But the day off tomorrow will provide some much needed bike maintenance time. Cables are dragging, brakes need work, lots of moving bits need a good cleaning and lube. Tomorrow’s adventure will be finding a bike shop and functioning in Portuguese!

 

TransPortugal – Day 1

The end of stage of day one is a logistical nightmare. We are in very rural Portugal close to the Spanish border in the largest village for 50km but it’s still quite small. There is no single hotel to house all the athletes so the organization uses multiple hotels with shuttle buses as needed to and from the finish line. Combine that with riders coming in approximately 1 hour or more later than expected, motorcycles getting stuck in the mud and a vehicle breakdown preventing staff from getting to the finish line and it’s no wonder the race staff are under extreme stress.

17:30 – Currently I am sitting at the finish line watching the first riders come in. The first massage was supposed to begin approximately 60 minutes ago but the riders are much slower than expected because of the wet conditions. Originally, I had agreed to work for 2 hours per day. I will work later tonight to help out as much as possible.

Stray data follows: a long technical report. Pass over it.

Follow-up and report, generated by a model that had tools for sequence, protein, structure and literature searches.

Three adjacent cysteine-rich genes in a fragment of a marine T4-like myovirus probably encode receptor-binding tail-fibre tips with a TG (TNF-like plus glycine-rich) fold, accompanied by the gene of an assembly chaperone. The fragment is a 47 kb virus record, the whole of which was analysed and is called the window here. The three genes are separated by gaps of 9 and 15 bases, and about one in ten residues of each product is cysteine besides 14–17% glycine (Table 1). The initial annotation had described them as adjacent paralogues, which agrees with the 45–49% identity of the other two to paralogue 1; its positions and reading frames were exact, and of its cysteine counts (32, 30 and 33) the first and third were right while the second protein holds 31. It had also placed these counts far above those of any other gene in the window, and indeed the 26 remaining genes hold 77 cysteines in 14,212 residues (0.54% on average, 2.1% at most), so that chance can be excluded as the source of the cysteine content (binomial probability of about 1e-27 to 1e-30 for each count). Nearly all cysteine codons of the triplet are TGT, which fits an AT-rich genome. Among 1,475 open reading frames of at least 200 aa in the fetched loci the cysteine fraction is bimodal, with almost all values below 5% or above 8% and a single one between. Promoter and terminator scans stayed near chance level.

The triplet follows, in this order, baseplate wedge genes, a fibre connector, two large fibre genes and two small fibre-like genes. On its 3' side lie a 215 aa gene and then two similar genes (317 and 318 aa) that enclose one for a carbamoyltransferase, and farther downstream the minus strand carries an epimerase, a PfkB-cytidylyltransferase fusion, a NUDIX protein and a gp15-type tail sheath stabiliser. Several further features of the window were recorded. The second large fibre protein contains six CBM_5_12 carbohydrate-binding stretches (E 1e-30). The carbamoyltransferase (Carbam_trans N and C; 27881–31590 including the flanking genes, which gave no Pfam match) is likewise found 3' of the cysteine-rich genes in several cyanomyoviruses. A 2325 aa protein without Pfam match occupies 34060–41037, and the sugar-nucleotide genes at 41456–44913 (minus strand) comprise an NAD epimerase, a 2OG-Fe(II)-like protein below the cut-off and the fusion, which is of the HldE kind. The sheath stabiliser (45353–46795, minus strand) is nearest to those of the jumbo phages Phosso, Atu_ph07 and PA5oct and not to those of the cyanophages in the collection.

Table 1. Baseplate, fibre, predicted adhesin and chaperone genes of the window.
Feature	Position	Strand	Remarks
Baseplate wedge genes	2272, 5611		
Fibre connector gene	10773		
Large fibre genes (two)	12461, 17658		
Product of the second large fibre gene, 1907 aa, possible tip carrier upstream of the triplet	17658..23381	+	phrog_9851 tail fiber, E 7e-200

It will be a late night for everyone, especially the mechanics. The bikes are coming in covered in mud and almost unrecognizable.
In other years at this race, the front runners usually get off the bikes looking like they could ride another 50km. Not this year, most of them look haggard.

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17:50 – Tom rolls into the finish line in approximately 31st place. Everything is absolutely coated in gritty mud. He is tired but good.  9 hours on the bike.

21:00 – My last massage of the night is finished, riders are still coming in in the dark.

The morning after…

20160508_230430Tom and I awoke to a beautiful view of the Douro and surrounding hills.

Given all of the challenges of the day, the race organization did an excellent job managing the situation. The mechanics were up most of the night dealing with all the problems that come with riding your bike through gritty mud for 8 plus hours. The formal massage team finished at approximately midnight.

Today should not be as wet and cold. But the ground is still soaked and flooded in places. It’s going to be another long day for both staff and racers. The mood at the start line for today’s stage is much lighter having made it through the most stressful day. The spirit of the race will really start to shine through over the next few days.